March 21st, 2014
10:00 AM ET
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America's Test Kitchen is a real 2,500 square foot test kitchen located just outside of Boston that is home to more than three dozen full­time cooks and product testers. Our mission is simple: to develop the absolute best recipes for all of your favorite foods. To do this, we test each recipe 30, 40, sometimes as many as 70 times, until we arrive at the combination of ingredients, technique, temperature, cooking time, and equipment that yields the best, most­ foolproof recipe. America’s Test Kitchen's online cooking school is based on nearly 20 years of test kitchen work in our own facility, on the recipes created for Cook's Illustrated magazine, and on our two public television cooking shows.

Nobody feels good about their culinary skills after baking up a batch of lumpy, leaden, lopsided biscuits. We’re here to help you put those sad, squat, doughy days behind you with our recipe for unfailingly light, fluffy, tender, flavorful and perfectly shaped biscuits. We have a few helpful hints and 12 key steps that will guarantee you success.

Essential equipment:
As great as our recipe is, you’ll also need the right tools for the jobs to achieve biscuit perfection.

Biscuit Cutters: Makeshift cutters such as juice glasses produce rounds that rise unevenly (the rounded lip compresses the edges of the cut biscuits). Use biscuit cutters. Our favorite? In our testing of biscuit cutters, we liked this $15 stainless steel set from Ateco the best (available on Amazon).

A Rolling Pin: A tapered wooden rolling pin offers more control than other pins. We tested 9 rolling pins to find our favorite: the J.K. Adams Plain Maple Rolling Dowel (available on Amazon).

Important techniques:
Mixing: Combine the dry ingredients with the butter and shortening in the food processor. Otherwise, your warm hands can melt the fat, which results in greasy biscuits. Gently stir in the buttermilk by hand, however. That way the food processor won’t overwork the dough and leave you with tough biscuits.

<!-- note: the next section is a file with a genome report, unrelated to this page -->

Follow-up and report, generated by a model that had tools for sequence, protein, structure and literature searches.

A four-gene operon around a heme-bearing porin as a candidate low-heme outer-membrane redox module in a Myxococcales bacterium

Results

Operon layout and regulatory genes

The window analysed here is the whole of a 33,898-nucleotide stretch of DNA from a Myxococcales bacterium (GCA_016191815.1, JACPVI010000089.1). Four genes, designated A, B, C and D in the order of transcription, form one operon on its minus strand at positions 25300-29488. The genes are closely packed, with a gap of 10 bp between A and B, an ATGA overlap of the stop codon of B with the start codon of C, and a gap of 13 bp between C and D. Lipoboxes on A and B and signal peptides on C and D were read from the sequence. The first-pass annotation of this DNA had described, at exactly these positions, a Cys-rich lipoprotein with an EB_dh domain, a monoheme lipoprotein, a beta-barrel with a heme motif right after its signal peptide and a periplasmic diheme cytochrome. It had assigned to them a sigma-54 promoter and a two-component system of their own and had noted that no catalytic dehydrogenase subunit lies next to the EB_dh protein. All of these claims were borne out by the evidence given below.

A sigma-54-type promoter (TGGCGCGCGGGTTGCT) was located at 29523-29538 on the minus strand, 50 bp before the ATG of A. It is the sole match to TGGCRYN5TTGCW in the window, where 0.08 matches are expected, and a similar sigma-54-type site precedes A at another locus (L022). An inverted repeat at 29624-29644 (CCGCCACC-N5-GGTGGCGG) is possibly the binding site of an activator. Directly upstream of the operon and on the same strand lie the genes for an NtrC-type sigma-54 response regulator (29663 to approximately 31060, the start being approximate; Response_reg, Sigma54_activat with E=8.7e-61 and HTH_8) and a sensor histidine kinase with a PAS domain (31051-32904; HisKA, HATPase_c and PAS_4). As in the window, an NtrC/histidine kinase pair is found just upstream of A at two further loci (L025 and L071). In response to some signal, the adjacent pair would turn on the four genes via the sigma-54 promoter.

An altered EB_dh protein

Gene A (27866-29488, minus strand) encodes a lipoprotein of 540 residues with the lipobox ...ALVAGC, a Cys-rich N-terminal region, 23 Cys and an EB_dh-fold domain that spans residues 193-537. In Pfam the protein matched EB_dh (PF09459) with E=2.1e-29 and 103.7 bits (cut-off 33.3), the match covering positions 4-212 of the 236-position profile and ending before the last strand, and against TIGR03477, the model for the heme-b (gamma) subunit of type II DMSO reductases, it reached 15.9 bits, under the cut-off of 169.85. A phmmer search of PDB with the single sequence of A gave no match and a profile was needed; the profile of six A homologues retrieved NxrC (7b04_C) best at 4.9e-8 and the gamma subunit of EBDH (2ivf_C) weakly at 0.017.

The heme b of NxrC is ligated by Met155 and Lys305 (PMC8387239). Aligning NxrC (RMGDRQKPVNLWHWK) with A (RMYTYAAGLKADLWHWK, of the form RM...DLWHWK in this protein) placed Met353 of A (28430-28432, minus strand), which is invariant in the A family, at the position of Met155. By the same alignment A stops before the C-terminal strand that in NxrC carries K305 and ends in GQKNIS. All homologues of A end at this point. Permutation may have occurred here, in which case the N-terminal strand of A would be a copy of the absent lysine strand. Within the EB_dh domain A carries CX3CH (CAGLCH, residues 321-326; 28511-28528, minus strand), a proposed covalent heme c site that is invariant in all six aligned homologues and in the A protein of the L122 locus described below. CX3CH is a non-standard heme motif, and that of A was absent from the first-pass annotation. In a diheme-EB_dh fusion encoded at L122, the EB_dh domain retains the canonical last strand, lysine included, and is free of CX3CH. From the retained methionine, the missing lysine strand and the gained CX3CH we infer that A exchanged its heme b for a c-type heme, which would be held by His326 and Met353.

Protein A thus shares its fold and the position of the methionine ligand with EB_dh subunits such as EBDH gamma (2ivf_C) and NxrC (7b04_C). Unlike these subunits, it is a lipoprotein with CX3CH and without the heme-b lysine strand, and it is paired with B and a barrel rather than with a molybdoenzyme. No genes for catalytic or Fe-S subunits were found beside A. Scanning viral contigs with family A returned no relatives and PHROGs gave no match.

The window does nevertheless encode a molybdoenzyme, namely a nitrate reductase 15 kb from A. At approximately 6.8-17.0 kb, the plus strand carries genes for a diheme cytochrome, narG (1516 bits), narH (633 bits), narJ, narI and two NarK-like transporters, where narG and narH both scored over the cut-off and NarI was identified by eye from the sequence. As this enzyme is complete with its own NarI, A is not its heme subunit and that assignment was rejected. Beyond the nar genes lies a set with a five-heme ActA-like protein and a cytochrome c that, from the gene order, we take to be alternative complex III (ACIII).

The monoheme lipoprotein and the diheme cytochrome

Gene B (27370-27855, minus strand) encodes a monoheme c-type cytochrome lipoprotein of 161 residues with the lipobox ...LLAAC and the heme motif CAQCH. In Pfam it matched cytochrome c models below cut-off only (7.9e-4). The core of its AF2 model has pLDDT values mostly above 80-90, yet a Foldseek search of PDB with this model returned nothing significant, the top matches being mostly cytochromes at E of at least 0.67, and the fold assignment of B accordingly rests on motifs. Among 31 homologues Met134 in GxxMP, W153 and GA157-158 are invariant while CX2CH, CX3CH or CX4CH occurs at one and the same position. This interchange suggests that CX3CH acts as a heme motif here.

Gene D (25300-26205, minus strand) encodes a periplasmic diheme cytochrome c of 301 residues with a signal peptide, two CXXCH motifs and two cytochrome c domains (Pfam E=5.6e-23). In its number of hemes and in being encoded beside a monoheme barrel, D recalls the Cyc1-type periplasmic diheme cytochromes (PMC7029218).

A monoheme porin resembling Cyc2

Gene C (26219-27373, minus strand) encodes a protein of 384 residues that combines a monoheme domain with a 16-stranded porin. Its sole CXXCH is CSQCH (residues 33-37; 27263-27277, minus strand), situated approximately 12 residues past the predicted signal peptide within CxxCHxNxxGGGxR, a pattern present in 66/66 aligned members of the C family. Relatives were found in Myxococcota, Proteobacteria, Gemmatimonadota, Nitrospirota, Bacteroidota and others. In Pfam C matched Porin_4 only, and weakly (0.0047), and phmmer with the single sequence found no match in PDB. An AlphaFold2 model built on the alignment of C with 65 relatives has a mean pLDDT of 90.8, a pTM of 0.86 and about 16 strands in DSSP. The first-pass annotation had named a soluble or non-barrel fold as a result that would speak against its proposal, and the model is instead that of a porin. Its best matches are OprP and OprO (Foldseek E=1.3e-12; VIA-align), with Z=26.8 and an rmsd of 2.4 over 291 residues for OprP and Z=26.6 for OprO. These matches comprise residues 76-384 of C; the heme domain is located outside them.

Kneading: Old cookbooks, "The Fannie Farmer Baking Book" among them, instruct cooks to knead biscuit dough. This activates the gluten in the flour and helps the biscuits rise. Many modern baking books stress that kneading makes for tough biscuits. We say knead gently: Don’t overdo it, but definitely do it.

Don't forget:
To Test the Powder: Baking powder begins to lose potency after six months. Put 2 teaspoons into a cup of water: If it foams and fizzes immediately, you’re good to go. If the reaction is delayed or weak, buy a new can.

To Preheat the Oven: Don’t neglect this. Biscuits need an initial blast of high heat to rise properly, and it takes most ovens 15 minutes to get up to temperature (you might also check your oven temperature using an inexpensive oven thermometer).

To Measure the Flour Properly: Use the dip-and-sweep method for accuracy: Dip a measuring cup into the flour, scoop up the flour and level it with the flat side of a knife. If you pack flour into the cup using the side of the container or spoon it in, you could end up with significantly more or less flour than called for. One cup all-purpose flour correctly measured weighs 5 ounces. Spooned into the cup, it weighs just 4.5 ounces, and packed in, it can weigh as much as 5.75 ounces.

Making the biscuits:
And now, without further ado, our 12 steps to perfect biscuits:

1. Chill the fat
Chill the butter and shortening for 30 minutes. They will chill faster cut into pieces.
WHY? So the cold fat will melt in the oven (not in the mixing bowl), creating flaky biscuits.

2. Prep the pan and oven
Heat the oven to 450 degrees. Meanwhile, line a baking sheet with parchment paper.
WHY? To keep the biscuits from sticking to the sheet.

3. Mix the dry ingredients
To distribute the dry ingredients evenly, pulse them in the food processor.
WHY? So you can then mix in the fat quickly, keeping it cold until the biscuits bake.

4. Add the fat gradually
Scatter the fat over the dry ingredients and pulse until the mix resembles coarse meal.
WHY? So the pats of fat melt in the oven, creating pockets of steam, which make for flaky biscuits.

5. Stir in the liquid by hand
Dump the mixture into a bowl and stir in the buttermilk by hand. Stop when the dough forms a uniform texture.
WHY? A food processor would over-mix the dough and produce tough biscuits.

6. Knead the dough briefly
Turn the dough out onto a lightly floured surface and knead gently.
WHY? Done with a light hand, kneading develops the gluten. Result? Tall biscuits.

7. Roll the dough out evenly
Using a rolling pin, evenly roll the dough into a 9-inch round that’s about 3/4-inch thick.
WHY? You do want uniform biscuits, don’t you?